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June 3, 2008 -- Asbury Park Press (NJ)

Beaten In Raid, Man Gets $350G

Excessive Force Alleged

By Lauren O. Kidd, Toms River Bureau

Return to Drug War News: Don't Miss Archive

TOMS RIVER -- A Toms River man, who claimed he was in an apartment to measure for curtains when he was kicked and stomped on by law enforcement officers during a drug raid four years ago, has won a $350,000 settlement in exchange for the dismissal of his excessive force lawsuit, his attorney said.

Jon Caldwell, 54, suffered chest trauma and fractured ribs after law enforcement officers "put their boots on his neck and started beating him by kicking and stomping on him," according to the lawsuit, which attorney Eugene Melody said was filed in September 2006.

The lawsuit contends that on Dec. 17, 2004, the then-Dover Township Police Department and the Ocean County Narcotics Strike Force were executing search warrants on a pair of apartments in the Park Ridge Apartment complex on Walnut Street. The raids were part of an ongoing investigation into the distribution of marijuana in the Toms River area, according to the suit.

Caldwell had signed a lease to rent an apartment in the complex beginning in January. The superintendent of the complex had given Caldwell a key to the apartment so he could measure for window treatments and furnishings, the suit states.

On a tip that a person was in an abandoned apartment, law enforcement also raided an apartment that they did not have a search warrant for, the suit claims. Caldwell was in that apartment.

"Several men in SWAT-type gear broke down the door to his apartment and tackled him, slamming him face first to the floor. These men, . . . members of the Narcotics Strike Force, put their boots on his neck and started kicking and stomping on him," the suit states. "None of these men ever identified themselves as "law enforcement' to Mr. Caldwell or asked him what he was doing in the apartment."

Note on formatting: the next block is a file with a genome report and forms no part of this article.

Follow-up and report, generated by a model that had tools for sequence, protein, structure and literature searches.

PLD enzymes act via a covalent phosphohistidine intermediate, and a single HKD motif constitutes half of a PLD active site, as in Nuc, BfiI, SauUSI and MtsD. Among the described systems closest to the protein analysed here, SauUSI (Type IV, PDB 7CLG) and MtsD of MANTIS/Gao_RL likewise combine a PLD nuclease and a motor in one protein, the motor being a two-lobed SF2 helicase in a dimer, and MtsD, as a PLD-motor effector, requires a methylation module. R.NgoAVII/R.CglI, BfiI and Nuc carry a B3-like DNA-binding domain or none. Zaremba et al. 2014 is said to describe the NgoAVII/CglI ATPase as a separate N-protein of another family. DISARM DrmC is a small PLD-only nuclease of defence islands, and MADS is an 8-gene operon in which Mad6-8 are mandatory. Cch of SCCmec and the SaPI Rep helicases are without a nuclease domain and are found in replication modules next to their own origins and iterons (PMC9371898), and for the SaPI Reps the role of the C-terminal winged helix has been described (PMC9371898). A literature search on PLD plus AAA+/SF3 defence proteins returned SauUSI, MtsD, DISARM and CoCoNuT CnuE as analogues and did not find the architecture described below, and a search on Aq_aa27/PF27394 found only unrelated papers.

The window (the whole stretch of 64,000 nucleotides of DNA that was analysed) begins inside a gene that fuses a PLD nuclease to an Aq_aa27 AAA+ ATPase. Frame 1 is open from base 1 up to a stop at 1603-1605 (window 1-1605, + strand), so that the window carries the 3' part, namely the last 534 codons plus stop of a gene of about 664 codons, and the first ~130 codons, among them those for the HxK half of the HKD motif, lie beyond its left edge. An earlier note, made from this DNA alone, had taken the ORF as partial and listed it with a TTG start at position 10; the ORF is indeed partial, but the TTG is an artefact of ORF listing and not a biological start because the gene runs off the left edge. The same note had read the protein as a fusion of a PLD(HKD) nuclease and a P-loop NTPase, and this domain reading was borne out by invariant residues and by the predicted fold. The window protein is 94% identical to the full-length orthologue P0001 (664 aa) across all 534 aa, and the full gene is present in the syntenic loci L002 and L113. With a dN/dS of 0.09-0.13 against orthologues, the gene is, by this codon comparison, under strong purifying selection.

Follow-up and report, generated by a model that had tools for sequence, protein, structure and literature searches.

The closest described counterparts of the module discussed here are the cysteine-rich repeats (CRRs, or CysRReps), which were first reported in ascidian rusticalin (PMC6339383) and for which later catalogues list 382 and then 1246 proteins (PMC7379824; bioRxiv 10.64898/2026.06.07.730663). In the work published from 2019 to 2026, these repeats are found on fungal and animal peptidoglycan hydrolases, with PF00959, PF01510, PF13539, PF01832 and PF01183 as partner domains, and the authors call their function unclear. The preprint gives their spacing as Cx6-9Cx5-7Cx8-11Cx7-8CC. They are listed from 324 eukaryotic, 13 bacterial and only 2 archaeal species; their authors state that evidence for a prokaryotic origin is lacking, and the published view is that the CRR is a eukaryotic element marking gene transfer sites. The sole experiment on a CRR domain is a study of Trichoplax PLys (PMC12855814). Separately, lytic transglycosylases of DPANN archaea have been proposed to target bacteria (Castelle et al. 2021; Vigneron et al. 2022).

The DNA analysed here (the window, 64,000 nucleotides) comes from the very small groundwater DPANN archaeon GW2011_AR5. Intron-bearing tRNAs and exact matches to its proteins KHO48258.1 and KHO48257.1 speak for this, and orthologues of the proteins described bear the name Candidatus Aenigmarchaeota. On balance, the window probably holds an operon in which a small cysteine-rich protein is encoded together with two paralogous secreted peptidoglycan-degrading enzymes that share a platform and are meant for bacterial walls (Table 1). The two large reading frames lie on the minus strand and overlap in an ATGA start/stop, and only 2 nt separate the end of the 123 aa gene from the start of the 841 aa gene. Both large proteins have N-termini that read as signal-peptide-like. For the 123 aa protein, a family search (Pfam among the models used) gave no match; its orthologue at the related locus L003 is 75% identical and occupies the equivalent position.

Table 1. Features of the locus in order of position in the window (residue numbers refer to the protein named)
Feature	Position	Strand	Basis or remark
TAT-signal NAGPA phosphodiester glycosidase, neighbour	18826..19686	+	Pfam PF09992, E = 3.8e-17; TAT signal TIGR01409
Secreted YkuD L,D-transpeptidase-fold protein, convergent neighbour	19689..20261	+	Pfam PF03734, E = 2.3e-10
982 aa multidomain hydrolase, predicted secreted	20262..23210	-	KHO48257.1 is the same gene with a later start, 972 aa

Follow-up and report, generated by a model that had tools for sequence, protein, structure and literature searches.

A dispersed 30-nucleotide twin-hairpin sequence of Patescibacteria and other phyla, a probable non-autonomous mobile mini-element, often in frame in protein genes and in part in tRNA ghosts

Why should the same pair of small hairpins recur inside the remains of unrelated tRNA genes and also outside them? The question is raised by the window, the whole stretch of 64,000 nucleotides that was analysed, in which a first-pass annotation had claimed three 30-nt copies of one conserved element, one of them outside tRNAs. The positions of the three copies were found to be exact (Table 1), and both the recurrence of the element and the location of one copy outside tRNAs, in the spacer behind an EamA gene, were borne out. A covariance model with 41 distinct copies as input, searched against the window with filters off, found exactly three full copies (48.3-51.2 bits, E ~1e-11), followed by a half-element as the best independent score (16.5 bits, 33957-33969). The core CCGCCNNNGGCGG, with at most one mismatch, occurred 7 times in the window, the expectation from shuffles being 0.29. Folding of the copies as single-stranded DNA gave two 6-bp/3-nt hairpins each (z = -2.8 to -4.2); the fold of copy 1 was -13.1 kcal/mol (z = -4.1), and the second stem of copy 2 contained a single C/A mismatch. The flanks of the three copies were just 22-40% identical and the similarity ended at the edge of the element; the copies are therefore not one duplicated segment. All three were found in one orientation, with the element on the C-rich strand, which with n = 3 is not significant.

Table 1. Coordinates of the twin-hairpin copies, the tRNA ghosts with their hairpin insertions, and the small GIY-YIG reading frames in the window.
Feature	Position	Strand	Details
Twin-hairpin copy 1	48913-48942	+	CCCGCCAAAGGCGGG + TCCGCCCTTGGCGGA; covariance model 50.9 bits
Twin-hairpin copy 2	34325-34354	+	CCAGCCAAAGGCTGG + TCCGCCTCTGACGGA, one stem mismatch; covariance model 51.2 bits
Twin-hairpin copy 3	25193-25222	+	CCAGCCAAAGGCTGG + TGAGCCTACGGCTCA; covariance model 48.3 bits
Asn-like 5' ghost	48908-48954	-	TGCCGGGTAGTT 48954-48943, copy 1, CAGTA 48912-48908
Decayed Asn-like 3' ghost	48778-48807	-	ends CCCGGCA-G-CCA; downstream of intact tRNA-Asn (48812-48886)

After law enforcement realized Caldwell had nothing to do with the drug raid, they let him go, the suit states. The next day, Caldwell was admitted to Community Medical Center, Toms River, according to the suit. His medical bills total nearly $100,000, according to the suit.

Toms River Police Chief Michael G. Mastronardy characterized the incident as "a rarity." To the best of his knowledge, the department last settled an excessive-force lawsuit in 1992, Mastronardy said. He said law enforcement was tipped off that another suspect in the drug raid may have been in the empty apartment.

"Somewhere along the line, the gentleman did suffer injuries," he said.

Both Mastronardy and Assistant Township Attorney Allison Davis referred further questions to Thomas Monahan, the Toms River-based attorney who represented the township in the matter. Monahan could not be reached for comment.

The settlement includes $300,000 from Toms River, $12,500 from Ocean County, $12,500 from the Ocean County Prosecutor's Office and $25,000 from the landlord of the Park Ridge Apartments, where the raid took place, according to Melody, the Little Silver-based attorney representing Caldwell.

The $350,000 settlement was reached last month, in front of U.S. Magistrate Judge John J. Hughes, according to Melody.

Generally, a third of such settlements goes toward attorney fees, Melody said.

According to Melody, the lawsuit sought damages from the Toms River Police Department and the Ocean County Prosecutor's Office on the grounds that law enforcement used excessive force and violated the constitutional rights of his client. The suit sought damages from Ocean County, claiming the county trained law enforcement, and sought damages from the landlord, claiming the superintendent was negligent in allowing law enforcement to enter the apartment Caldwell was in without warning, Melody said.

First Assistant Prosecutor Ronald DeLigny, of the Ocean County Prosecutor's Office, said Ocean County Prosecutor Marlene Lynch Ford had no comment on the settlement, because she was not in office at the time of the incident.

"The decision to contribute $12,500 was essentially a business decision to stop the cost of litigation," DeLigny said. The Prosecutor's Office has made no admission of liability, he said.

Caldwell himself could not be reached for comment. Melody said his client "is very happy with the way it turned out."

"One of the things we do in the civil rights cases is we try to put these things forward so that they don't happen again," Melody said. "And one of the things we would hope to happen is that they will look at their procedures, and that when they enter a building without a warrant that this doesn't happen again."

Lauren O. Kidd: (732) 557-5737 or

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